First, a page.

Ask Natalie by Natalie Bencivenga

Husband Jealous of Your Promotion?

DEAR NATALIE: My husband and I are having a bit of a problem. I just got a huge promotion at work and a big bump in pay while unfortunately, he was just laid off from his job. Now, the pay increase I will receive plus his unemployment will keep us afloat until he can find a new job. He is really depressed, however, and hasn't even celebrated the fact that I am doing really well at my job. He hasn't been romantic toward me, either, and, to be honest, he's been nasty to me. How do we move beyond this issue? -- PUNISHED FOR BEING SUCCESSFUL 

DEAR PUNISHED FOR BEING SUCCESSFUL: It's not you. It's him. You didn't do anything wrong to warrant this behavior other than be awesome at your job and get a promotion. Congrats, by the way! You have nothing to move beyond. This is going to fall on his shoulders to cut the pity party, suck it up and be a grown-up. Sometimes in life you fall down. Sometimes you fall down, get kicked in the face and dragged through the mud. And sometimes, this all happens while the ones you love are doing much better than you. Obviously, he feels jealous, but more than that, he probably feels embarrassed, emasculated and depressed. None of this lends itself toward romance, and that can be forgiven easily, but the nasty behavior is unacceptable. Sit him down and say, "Look, I know things have been tense between us. I understand that you are having a hard time with being laid off. But, you are talented and great at what you do and something will turn up for you. However, regardless of your situation, it really hurts me when you make mean comments. I want to celebrate my success with you, and I have been trying to be understanding, but now it is time for you to be supportive. We will get through this together, but you have to meet me halfway." Hopefully, he will apologize and recognize that alienating you isn't going to land him a job any faster and will only make his home life just as miserable as his lack of a professional life right now. And who wants that?

DEAR NATALIE: My partner and I have been together for seven years, and recently I got an amazing job opportunity in another city - Seattle, to be exact. I really want to take the position, but my partner doesn't want us to move our kids out of school and uproot their lives. While I can appreciate this, I can't pass this up. This is my dream job. She told me I was being selfish, and then I brought up the idea of a commuter-relationship, where I would spend the weekends with them and then Monday-Thursday stay in an apartment in the city where my new job is. My sister told me this is a terrible idea, though, and that I should just stay with my family and give up the job opportunity. I'm completely torn. Either way, I lose something important. What are your thoughts? -- CAN'T WIN 

DEAR CAN'T WIN: This is a tricky situation because I can see this from both angles. On the one hand, is it fair to your family to make them uproot their lives and move to a whole new place for you? On the other hand, is it fair to you to pass up a great opportunity - which could create a better life for your family down the road - all because your partner doesn't want to move? The only one I agree with so far is your sister who is right in that a part-time family, part-time relationship, full-time job is probably going to create a lot more tension and frustration in the long run. This calls for a family meeting. I don't know how old your children are, but if they are old enough to understand what could be going on, it might be worth having the conversation with everyone at the dinner table. Seattle is an awesome place and could be a great adventure for everyone, but if your partner isn't on board, it will make the sell harder. Fight for this new opportunity, but it has to be a family decision. Find out why exactly your partner doesn't want to leave. Is it that a job is too important? Is it not wanting the kids to be starting all over again? What is the exact reason? Fear? Nerves? Maybe taking a family vacation to Seattle could get your family interested in what it would be like to live there. If this new job has a nice increase in pay, maybe that could sweeten the deal by looking at homes together or better schools? Find the angle and go for it. But don't give up on your dream until you've exhausted every avenue to get the family on board. Even if you don't win, at least you'll know you tried.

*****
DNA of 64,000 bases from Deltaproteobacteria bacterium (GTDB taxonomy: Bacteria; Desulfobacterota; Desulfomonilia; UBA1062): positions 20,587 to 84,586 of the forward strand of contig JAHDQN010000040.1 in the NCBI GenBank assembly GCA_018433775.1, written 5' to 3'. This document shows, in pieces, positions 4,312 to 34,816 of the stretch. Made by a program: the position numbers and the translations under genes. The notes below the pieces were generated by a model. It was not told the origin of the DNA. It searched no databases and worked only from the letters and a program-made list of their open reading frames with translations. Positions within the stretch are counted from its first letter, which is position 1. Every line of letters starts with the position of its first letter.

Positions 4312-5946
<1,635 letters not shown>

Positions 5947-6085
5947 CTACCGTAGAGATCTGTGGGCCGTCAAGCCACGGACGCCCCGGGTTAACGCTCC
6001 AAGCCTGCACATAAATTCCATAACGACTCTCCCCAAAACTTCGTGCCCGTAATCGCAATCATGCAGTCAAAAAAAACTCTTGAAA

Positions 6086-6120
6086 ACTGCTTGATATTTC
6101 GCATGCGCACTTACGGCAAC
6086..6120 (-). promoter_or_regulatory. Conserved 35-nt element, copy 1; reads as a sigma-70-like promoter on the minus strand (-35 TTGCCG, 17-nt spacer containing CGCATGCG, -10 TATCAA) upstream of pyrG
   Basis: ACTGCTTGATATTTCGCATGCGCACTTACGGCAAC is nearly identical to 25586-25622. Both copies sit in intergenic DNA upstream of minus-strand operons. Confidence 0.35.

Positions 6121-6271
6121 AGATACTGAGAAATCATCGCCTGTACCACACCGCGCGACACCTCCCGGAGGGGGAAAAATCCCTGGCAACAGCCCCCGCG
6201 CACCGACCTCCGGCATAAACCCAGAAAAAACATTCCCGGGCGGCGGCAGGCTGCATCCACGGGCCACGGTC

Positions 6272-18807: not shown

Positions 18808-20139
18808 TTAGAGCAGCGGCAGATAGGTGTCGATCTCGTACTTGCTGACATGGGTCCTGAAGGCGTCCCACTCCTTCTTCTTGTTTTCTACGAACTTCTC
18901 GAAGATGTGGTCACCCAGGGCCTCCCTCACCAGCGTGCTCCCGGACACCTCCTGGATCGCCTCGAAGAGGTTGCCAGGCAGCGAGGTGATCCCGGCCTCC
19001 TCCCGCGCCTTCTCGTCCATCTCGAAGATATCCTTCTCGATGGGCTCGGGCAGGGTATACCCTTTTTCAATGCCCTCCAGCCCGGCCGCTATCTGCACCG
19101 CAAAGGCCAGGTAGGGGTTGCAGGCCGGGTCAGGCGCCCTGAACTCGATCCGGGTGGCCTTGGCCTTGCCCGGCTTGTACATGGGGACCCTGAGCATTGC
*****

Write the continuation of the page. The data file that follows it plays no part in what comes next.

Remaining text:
Natalie's Networking Tip of the Week: Body language can either invite or dissuade someone from talking to you. Always turn your body toward the person you are engaging and stand in a way that is opening and welcoming to them. Do not cross your arms, do not lean on something, and, whatever you do, please don't yawn while they are talking.

Please send your relationship and lifestyle questions to or tweet them to @NBSeen. You can also send postal letters to Natalie Bencivenga, 358 North Shore Drive, Pittsburgh, PA 15212

(This column was originally published by the Pittsburgh Post-Gazette.)